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So, you’ve got a brilliant business idea and you need some help on the accounts and tax side. You’re not stupid but there’s a lot that you don’t understand.
So how do you find the right accountant for you?
Well, the first thing to know is that ANYBODY (including you) can call themselves an accountant; the name is not protected in law. So how can you tell the good accountants from the cowboys?
Chartered (ACA/FCA) and certified accountants (ACCA/FCCA) are qualified to post graduate level and have to remain up to date to retain their designation.
They are regulated by their professional bodies (ICAEW and ACCA) and carry professional indemnity insurance. This is not always the case with other accountants. If you ever have a complaint about a chartered or certified accountant then you can speak to their professional body.
Most accountants offer a free introductory meeting so that you can decide whether you feel comfortable working and sharing private information with a particular firm or individual.
Some questions you may wish to ask:
1. How big is the firm? Will you deal with a qualified accountant or a junior member of staff?
2. Do they have experience of your type/size of business? Do they speak to you in language that you can understand?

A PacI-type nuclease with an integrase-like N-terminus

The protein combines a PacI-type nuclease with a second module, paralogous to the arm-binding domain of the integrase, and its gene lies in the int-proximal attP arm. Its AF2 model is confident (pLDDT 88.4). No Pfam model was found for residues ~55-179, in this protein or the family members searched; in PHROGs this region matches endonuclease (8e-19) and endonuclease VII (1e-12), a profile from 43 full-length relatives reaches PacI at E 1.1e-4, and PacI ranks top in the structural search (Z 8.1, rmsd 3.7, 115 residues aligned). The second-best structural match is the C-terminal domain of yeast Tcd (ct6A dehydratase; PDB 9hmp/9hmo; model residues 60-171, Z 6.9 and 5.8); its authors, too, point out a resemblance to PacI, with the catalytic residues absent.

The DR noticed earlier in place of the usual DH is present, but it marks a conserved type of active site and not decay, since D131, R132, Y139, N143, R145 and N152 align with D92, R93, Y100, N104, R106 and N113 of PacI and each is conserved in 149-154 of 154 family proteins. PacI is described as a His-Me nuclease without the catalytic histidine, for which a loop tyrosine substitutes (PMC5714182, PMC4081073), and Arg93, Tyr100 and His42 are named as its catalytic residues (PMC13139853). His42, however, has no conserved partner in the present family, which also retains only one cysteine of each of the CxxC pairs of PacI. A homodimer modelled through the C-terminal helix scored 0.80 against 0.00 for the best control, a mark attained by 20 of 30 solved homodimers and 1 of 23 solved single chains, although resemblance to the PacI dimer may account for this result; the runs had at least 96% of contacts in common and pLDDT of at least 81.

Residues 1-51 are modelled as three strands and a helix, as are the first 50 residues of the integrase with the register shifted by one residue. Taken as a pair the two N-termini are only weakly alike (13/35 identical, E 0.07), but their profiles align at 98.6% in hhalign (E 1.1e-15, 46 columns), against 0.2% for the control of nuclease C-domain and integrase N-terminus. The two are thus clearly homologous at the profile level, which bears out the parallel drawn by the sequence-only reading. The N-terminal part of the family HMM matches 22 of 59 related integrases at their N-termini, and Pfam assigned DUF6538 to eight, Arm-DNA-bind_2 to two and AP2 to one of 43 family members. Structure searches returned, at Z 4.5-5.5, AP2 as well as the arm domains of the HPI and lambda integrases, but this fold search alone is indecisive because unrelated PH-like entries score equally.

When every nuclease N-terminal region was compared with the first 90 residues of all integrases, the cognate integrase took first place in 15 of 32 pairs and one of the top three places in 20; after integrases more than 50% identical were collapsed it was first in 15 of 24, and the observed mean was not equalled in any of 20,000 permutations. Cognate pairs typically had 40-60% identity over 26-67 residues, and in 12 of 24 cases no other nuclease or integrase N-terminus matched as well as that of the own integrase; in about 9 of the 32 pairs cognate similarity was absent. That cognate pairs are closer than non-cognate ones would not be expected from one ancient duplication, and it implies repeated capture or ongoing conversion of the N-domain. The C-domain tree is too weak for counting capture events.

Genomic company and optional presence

3. How can they add value? (Never confuse value with cost)
4. Response times? How fast will they respond to telephone calls, letters, e-mails and how quickly will they prepare your accounts?
5. Agree what they will do for you and what you will have to do yourself. Will they work from invoices or will you have to use particular software? What do you want them to do?
6. Do they offer tax planning and business advice or just complete your accounts and tax returns at the end of the year?
7. Are fees fixed or will you be charged per hour? Can you pay by monthly installments or will you be hit with a large annual bill?
8. Are they proactive? (lots claim to be) Will they send you reminders when you accounts and tax are due? Will they send you regular updates on changes in tax and business law?
9. How easy is it to contact them? Who deals with your enquiries when your named contact is out of the office or with another client?
10. MOST IMPORTANT OF ALL … do you like them? Surveys repeatedly show that an accountant is a businesses most trusted adviser. You don’t have to be best friends but you do need to get along. You may even find an accountant who realizes that boring is optional.
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